Take the 2-minute tour ×
Stack Overflow is a question and answer site for professional and enthusiast programmers. It's 100% free, no registration required.

Many use the notation below in scripting languages, but I don't quite understand how it works.

~$ false || echo "aa"
aa
~$ true || echo "aa"
~$ true && echo "aa"
aa
~$ false && echo "aa"
~$ 

Are both sides executed first, and then their return values evaluated?

What would be a more straight forward way to write these?

Is || an XOR?

share|improve this question
    
|| is just or, which has short-circuiting functionality –  Volatility Feb 19 '13 at 10:05
1  
Short-circuit evaluation –  raina77ow Feb 19 '13 at 10:05
2  
|| isn't XOR, but OR. Unlike OR, XOR can't be short-circuited. –  Bruno Feb 19 '13 at 10:08
add comment

4 Answers 4

up vote 1 down vote accepted

Using && and || to control the evaluation is a very fundamental thing in programming. As many already answered, they are using "Short Circuit Evaluation".
In some languages they are the same as and and or, but not in all. In e.g. Ruby they do not mean exactly the same (as I know).

What would be a more straight forward way to write these?

You could say that using && and || instead of if ... else is lazy programming, but some people would say that using && and || structure is the most straight forward.

If you will have an alternative (or a way of understand this better):

expr && echo "aa"

# is the same as

if expr; then
  echo "aa"
fi

and

expr || echo "aa"

# is the same as

if ! expr; then
  echo "aa"
fi

and

expr && echo "yes" || echo "no"

# is the same as

if expr; then
  echo "yes"
else
  echo "no"
fi

and of course a mix

if this && that; then
  echo "yes"
else
  echo "no"
fi

The "Short Circuit Evaluation" is a very important rule, and in some situations the code is depending on this.
In this example (from VIM, but it's the same in many languages) there would be an exception if it doesn't work:

if exists("variable") && variable == 3 ...

If both sides was evaluated before deciding the result there would be an exception if variable isn't defined.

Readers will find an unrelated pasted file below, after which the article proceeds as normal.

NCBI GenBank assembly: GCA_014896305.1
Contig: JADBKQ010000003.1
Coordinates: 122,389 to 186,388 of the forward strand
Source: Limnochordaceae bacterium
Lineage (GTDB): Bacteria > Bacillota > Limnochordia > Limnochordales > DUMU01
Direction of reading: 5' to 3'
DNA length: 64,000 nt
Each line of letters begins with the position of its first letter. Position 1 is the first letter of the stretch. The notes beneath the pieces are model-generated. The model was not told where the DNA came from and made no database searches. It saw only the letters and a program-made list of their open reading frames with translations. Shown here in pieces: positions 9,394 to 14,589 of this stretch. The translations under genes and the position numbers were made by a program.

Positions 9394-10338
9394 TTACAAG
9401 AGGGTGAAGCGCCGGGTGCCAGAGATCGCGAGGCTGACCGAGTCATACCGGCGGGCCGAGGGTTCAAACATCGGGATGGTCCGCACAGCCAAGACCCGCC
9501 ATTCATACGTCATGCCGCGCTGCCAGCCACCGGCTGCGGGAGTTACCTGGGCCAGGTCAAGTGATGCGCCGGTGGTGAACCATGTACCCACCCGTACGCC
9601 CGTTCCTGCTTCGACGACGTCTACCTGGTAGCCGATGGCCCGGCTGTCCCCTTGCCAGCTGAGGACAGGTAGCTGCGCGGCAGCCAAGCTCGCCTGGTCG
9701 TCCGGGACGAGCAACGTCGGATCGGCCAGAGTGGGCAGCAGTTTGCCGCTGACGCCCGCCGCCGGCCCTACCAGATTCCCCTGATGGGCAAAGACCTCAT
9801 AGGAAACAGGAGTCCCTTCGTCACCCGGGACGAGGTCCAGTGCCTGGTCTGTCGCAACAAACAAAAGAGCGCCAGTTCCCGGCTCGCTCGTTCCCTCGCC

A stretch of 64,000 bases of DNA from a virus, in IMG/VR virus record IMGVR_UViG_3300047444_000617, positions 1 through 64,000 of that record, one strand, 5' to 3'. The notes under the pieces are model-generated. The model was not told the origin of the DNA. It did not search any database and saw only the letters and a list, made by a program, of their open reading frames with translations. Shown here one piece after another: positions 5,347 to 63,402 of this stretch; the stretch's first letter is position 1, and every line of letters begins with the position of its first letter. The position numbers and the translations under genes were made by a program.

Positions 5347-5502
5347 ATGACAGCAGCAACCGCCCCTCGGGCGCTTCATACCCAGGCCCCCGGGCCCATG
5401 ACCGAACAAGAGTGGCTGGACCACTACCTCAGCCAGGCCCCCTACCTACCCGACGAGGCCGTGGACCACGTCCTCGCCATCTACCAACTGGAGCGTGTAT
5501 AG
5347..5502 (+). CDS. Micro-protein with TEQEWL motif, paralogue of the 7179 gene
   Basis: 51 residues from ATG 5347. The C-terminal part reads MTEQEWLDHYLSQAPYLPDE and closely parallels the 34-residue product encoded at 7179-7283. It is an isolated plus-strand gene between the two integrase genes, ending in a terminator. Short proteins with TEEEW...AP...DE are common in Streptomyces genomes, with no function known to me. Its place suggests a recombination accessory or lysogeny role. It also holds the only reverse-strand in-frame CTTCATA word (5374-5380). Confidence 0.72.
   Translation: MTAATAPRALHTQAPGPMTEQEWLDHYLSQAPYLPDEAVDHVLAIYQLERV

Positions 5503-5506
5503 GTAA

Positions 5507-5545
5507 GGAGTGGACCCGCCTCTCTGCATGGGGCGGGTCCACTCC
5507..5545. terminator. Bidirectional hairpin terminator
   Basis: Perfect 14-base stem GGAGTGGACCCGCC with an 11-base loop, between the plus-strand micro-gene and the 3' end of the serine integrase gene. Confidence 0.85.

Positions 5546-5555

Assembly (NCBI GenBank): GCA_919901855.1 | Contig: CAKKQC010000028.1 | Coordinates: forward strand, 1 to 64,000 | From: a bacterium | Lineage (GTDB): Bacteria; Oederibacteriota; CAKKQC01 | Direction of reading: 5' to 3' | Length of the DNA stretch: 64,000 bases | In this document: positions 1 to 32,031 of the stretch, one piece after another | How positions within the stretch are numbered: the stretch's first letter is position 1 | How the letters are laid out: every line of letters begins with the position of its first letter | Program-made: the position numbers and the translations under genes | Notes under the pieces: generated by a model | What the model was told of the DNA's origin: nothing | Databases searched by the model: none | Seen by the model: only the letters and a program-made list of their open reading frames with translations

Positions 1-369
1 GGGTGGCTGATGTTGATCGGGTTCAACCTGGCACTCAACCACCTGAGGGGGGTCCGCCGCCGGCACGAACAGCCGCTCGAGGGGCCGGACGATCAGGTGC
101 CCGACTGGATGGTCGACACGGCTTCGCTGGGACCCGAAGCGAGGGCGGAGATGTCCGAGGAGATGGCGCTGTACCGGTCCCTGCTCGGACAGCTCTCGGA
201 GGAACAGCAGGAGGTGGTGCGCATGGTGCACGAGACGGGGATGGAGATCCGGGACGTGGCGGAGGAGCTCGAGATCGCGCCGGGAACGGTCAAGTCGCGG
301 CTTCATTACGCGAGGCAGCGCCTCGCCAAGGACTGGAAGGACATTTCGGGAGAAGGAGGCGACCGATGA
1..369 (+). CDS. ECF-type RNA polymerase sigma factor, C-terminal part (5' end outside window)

There have been some bad designed languages where both sides of e.g. && was evaluated before the result was given, they were not so fun to use.

So:

if you like it; then
  use it && be happy
else
  use it || be happy
fi
share|improve this answer
add comment

This is called Short Circuit Evaluation.

|| is an OR (not an XOR).

With scripting (as with source code) the right-side is only evaluated if necessary.

with || the RHS is evaluated if the LHS evaluates to false or 0. With && the RHS evaluates only if the LHS evaluates to true.

That is because true || anything is always true so there is no need to evaluate the RHS. And false && anything is always false.

See also Benefits of using short-circuit evaluation

share|improve this answer
add comment

|| and && are lazy in all the languages you listed.

The way it works is that the expression is evaluated left to right. In the case of ||, the value of the entire expression is the value of first argument which is not "false-y" (or the last argument, if all of the arguments are false-y) will be the value of the expression.

share|improve this answer
    
Except that in Python || is or and && is and –  Volatility Feb 19 '13 at 10:08
    
@Volatility Yes, of course. –  tom Feb 19 '13 at 10:09
add comment

I think this is pretty simple.

The left side is evaluated first every time and the right side is evaluated if required.

In the first case, LHS is false, so the result of the expression depends on the RHS as it is an OR operation. So the right side is evaluated/executed.

In the second case, LHS is true, and the result of the OR operation will be true regardless of what is there in the RHS, so the RHS is never evaluated/executed.

Same thing happens with the AND operation. It needs to evaluate the RHS only if LHS is true as in the 3rd statement.

share|improve this answer
add comment

Your Answer

 
discard

By posting your answer, you agree to the privacy policy and terms of service.

Not the answer you're looking for? Browse other questions tagged or ask your own question.